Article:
7

The OP has a great reason for using 12 ga. wire. He already has some on hand, so using it is cheaper than going to get new 14 ga. wire. It's perfectly safe to use it. Don't worry about confusing future workers. If they want to add something to the circuit, they will have to go turn off the circuit breaker first, and then they will see they are working ...


7

The meters shouldn't interfere with each other. They're just ammeters, after all; current is current. You will be charged for the parasitic load your new meter introduces, of course, which may vex your test. Bigger problem is that you'll need the electric company's cooperation to turn off your circuit so you can rewire—and they are almost certainly ...


6

Around here, 4x4s are not uncommon. This table shows that a 4x4 pine post that is 6 ft or shorter can support a load area of up to 10 ft² assuming 50 lbs/ft². Don't trust me or a random table on the internet; make our own calculations from tables in the building code or other trusted sources and consider having them checked by an engineer.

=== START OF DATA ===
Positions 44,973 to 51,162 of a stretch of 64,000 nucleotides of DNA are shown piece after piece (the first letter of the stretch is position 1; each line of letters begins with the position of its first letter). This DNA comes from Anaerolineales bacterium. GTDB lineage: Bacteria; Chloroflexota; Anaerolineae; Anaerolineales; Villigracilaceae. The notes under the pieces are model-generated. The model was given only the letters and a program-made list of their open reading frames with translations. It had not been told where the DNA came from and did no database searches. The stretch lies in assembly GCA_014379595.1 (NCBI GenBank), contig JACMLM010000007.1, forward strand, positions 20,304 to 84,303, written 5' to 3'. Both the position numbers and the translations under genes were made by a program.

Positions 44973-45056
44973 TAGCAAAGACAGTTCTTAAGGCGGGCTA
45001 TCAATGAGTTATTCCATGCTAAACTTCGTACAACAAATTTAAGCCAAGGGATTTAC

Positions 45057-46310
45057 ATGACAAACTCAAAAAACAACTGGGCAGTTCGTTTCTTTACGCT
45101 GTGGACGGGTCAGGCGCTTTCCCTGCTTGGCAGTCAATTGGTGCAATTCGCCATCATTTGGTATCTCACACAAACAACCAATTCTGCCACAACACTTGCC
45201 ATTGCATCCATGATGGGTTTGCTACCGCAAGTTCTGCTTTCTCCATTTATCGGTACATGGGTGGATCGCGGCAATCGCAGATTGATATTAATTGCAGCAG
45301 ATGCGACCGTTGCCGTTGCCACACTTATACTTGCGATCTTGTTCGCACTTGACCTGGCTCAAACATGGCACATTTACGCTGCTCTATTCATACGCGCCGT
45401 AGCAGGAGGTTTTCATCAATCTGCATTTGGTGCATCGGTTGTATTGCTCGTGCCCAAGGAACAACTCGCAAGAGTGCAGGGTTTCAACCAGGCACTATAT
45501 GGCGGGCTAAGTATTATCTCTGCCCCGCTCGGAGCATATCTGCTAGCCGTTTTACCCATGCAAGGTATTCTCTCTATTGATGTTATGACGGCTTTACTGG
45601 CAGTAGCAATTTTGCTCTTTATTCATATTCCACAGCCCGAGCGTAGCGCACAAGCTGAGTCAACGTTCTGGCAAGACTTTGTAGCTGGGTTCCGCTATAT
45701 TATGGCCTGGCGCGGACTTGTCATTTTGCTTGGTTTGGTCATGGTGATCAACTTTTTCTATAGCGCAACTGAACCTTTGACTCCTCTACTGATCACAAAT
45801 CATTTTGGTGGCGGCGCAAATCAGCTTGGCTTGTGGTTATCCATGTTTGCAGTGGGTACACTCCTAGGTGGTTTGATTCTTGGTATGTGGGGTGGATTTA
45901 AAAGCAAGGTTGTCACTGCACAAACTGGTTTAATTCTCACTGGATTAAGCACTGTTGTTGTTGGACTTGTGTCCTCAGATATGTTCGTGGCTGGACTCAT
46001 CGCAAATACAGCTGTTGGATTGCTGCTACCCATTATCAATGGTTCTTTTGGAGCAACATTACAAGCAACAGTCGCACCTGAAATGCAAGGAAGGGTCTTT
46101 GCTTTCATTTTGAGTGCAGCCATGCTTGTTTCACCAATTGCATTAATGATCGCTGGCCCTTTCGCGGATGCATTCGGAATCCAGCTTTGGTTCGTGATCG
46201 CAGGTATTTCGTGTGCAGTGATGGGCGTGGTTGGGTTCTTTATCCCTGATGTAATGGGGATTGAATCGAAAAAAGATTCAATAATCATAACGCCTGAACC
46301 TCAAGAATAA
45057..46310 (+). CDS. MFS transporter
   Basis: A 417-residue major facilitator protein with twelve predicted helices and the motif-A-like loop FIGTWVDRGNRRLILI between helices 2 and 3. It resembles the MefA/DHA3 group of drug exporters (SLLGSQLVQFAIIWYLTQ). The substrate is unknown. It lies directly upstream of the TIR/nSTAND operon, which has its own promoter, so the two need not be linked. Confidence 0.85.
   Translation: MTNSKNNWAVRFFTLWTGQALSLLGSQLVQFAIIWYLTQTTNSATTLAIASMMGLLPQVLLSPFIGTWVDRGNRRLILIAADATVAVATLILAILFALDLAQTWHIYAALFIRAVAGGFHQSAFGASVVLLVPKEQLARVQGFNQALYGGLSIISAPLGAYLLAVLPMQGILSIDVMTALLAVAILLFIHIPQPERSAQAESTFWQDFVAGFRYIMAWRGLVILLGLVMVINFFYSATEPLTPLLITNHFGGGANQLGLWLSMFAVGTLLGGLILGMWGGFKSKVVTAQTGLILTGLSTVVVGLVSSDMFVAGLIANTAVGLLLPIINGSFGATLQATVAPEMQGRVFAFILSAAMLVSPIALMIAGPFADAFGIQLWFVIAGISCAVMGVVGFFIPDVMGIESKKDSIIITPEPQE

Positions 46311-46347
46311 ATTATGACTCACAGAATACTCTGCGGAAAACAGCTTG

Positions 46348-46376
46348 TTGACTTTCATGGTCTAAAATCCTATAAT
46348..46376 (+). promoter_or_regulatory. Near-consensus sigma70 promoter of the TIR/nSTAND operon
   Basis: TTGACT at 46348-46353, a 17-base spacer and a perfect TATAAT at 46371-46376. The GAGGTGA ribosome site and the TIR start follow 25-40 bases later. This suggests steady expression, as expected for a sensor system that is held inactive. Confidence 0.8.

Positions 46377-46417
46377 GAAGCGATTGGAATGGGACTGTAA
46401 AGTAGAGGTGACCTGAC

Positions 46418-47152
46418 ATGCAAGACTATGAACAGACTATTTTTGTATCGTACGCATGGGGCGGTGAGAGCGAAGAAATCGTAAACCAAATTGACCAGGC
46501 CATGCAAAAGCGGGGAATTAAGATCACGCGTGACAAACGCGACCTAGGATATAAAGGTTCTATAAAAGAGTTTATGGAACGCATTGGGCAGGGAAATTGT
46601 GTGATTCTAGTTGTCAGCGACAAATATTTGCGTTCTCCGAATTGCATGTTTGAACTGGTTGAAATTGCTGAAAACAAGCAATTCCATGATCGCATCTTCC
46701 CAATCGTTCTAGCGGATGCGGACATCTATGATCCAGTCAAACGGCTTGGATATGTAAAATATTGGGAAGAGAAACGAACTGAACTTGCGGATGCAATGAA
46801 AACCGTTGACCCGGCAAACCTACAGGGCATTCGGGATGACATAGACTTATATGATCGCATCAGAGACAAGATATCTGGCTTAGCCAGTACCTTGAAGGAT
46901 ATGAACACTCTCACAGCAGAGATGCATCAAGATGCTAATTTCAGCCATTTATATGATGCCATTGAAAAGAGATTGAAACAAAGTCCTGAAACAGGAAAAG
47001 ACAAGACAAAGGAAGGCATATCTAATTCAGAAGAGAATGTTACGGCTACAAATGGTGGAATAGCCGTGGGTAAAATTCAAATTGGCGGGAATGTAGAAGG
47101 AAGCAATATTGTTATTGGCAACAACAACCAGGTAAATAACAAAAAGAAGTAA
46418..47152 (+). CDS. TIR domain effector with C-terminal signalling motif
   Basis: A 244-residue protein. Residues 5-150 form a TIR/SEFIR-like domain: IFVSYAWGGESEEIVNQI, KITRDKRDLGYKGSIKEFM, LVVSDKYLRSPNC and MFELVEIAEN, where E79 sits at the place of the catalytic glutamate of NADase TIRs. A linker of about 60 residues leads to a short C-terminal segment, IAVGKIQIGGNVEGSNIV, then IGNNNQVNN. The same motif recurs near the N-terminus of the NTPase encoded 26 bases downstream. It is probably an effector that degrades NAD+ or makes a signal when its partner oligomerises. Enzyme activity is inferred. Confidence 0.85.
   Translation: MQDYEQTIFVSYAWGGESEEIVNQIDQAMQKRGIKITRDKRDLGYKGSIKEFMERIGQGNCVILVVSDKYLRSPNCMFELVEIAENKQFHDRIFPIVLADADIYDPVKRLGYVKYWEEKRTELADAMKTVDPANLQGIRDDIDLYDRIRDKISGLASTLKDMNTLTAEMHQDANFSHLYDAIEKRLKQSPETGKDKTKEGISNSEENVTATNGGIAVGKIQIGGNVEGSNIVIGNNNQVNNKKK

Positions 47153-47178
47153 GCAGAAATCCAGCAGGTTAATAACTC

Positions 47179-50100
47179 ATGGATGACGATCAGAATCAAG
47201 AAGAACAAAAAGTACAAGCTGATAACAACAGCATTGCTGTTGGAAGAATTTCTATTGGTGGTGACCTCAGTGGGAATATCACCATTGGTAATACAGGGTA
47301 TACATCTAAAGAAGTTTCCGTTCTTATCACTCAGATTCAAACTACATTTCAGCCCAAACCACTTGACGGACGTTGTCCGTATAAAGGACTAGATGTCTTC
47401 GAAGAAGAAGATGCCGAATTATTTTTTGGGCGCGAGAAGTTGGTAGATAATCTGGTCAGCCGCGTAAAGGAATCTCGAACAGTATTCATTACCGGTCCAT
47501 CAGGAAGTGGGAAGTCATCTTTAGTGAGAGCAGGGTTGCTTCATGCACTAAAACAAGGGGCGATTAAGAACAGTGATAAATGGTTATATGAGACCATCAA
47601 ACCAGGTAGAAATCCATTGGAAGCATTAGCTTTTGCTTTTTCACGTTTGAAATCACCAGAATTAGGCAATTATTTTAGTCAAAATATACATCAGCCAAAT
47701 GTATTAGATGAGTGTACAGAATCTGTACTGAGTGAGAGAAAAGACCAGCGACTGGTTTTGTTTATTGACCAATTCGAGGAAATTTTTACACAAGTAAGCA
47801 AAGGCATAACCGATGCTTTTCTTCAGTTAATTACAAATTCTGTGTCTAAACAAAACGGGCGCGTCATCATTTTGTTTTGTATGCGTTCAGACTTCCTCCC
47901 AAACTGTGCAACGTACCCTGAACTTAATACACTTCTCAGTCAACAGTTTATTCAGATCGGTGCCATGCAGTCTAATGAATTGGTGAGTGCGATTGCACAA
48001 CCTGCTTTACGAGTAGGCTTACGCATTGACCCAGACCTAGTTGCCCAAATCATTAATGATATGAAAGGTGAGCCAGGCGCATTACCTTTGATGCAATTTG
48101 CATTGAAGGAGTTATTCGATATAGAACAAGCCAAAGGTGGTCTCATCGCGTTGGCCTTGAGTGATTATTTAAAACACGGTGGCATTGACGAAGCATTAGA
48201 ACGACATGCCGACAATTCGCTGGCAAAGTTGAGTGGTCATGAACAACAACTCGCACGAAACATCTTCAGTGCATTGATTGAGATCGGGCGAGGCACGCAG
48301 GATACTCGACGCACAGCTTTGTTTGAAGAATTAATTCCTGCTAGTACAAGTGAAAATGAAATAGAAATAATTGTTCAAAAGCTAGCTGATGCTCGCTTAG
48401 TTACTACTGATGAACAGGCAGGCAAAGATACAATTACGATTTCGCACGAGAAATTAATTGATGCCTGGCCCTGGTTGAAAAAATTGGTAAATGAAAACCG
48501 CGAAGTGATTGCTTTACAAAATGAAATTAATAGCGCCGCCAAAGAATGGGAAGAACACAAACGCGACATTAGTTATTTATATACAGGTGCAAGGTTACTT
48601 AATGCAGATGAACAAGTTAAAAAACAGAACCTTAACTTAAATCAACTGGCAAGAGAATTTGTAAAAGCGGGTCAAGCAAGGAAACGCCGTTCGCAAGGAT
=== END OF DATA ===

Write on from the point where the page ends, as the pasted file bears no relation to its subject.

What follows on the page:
6

As longneck said, the utility easement is for use by the utility companies only, and you would be unlikely to get regulatory blessing from the TUC (Texas Utility Commission) or local service providers. You MAY be able to convince your neighbors to allow a new easement. However, this may also be unlikely, for a couple of reasons: Easements are generally ...


6

Generally, no. The utility easements are for use by utility companies, not individual homeowners. If you tried to ask for official blessing, you wouldn't get it as you are not a recognized utility.


6

You're mucking around with 125V subpanels, which I don't know enough about to comment on. However, here are two other options: You may be able to replace existing full-size breakers with duplex breakers. The limits on the number of breakers may be printed on the panel somewhere, or you can check with the manufacturer. You can also replace the existing ...